By Aaron Earls
Religion is facing a perception problem in America. More people see it as old-fashioned.
According to new research from Gallup, 34 percent of Americans say religion is “largely old-fashioned and out of date.” That’s up from 7 percent in 1957.
Meanwhile, 55 percent of Americans believe religion can answer all or most of today’s problems.
That number has stabilized in the last couple of years after dropping to a record low of 51 percent in 2015. But it is down from 82 percent in 1957 and 66 percent just 15 years ago.
The remaining 10 percent say they have no opinion on whether religion can solve problems today.
As expected, those who are more religious tend to see religion as having answers for modern issues. More than 4 in 5 weekly church attenders (85 percent) see the value of religion today. Only 5 percent say it’s out of date.
Most of those who attend nearly weekly or monthly view religion as important as well. Almost 7 in 10 (69 percent) say religion can answer today’s problems and 19 percent say it’s old-fashioned.
Not surprisingly, those who seldom or never attend church are the least likely to view the church as a modern-day problem solver. Only 33 percent believe that to be the case, while a clear majority (58 percent) says religion is out of date.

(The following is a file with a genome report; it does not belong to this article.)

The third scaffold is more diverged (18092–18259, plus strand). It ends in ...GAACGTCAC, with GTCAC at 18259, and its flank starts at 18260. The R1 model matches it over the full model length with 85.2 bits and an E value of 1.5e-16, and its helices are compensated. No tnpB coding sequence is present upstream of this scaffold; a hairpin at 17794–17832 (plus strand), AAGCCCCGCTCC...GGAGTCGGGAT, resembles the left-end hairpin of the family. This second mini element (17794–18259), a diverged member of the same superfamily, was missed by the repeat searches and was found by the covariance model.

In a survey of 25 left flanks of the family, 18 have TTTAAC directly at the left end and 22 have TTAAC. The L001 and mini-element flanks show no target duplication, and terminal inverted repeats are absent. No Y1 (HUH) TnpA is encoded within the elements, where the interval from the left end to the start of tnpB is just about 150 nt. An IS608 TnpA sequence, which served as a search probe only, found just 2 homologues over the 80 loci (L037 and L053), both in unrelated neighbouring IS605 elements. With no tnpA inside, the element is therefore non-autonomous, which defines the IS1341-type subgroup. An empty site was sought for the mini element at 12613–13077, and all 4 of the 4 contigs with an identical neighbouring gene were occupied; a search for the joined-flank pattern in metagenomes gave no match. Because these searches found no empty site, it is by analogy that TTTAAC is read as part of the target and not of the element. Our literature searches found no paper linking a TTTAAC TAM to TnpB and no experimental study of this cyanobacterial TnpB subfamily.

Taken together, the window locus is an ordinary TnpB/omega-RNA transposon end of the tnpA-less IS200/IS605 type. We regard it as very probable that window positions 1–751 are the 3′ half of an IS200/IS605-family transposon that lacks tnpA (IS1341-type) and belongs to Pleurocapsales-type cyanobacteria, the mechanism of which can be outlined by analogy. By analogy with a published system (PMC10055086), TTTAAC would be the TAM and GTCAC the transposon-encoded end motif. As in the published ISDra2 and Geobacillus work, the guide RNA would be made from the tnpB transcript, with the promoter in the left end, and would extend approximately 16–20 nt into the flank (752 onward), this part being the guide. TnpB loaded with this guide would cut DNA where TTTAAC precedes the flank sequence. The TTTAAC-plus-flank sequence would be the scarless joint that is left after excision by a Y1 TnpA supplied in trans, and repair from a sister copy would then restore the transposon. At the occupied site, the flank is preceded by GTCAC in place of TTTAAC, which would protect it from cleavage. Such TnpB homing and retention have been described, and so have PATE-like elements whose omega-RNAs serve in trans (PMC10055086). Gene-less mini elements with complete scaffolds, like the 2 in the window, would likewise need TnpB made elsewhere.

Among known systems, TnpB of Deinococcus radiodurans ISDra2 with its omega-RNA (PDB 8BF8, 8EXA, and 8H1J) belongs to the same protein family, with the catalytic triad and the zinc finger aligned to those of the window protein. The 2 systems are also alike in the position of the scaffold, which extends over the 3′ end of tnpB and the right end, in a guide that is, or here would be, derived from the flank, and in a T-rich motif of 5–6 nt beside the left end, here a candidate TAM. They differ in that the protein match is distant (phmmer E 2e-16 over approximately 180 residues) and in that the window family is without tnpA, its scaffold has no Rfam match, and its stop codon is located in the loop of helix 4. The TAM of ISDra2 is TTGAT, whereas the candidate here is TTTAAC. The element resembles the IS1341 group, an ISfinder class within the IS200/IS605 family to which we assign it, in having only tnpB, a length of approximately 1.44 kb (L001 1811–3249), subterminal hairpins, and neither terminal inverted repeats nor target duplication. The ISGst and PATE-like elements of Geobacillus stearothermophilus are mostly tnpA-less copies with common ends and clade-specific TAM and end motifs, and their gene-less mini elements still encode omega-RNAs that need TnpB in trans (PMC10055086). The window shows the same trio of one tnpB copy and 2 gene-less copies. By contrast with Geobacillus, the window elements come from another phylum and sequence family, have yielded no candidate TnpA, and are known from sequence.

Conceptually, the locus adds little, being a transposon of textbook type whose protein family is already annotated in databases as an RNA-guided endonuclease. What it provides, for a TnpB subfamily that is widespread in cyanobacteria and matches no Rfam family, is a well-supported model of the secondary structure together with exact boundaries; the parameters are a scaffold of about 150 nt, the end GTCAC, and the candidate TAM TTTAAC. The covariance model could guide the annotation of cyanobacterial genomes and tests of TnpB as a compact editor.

Protestants are the most likely to believe religion can answer modern problems. Seventy-one percent agree. Fewer than 1 in 5 (19 percent) see it as old-fashioned.
More than 4 in 5 Americans with no religious affiliation (81 percent) believe religion is out of date. Only 9 percent think it can address problems today.
The growth of skepticism about religion’s ability to solve current issues coincides with growth of those who see the Bible as a completely man-made book.
Today, according to other research from Gallup, more than a quarter of Americans (26 percent) believe the Bible is a mix of “fables, legends, history and moral precepts recorded by man.” That is up from 10 percent in the early 1980s.
AARON EARLS (Aaron.Earls@Lifeway.com) is online editor of Facts & Trends.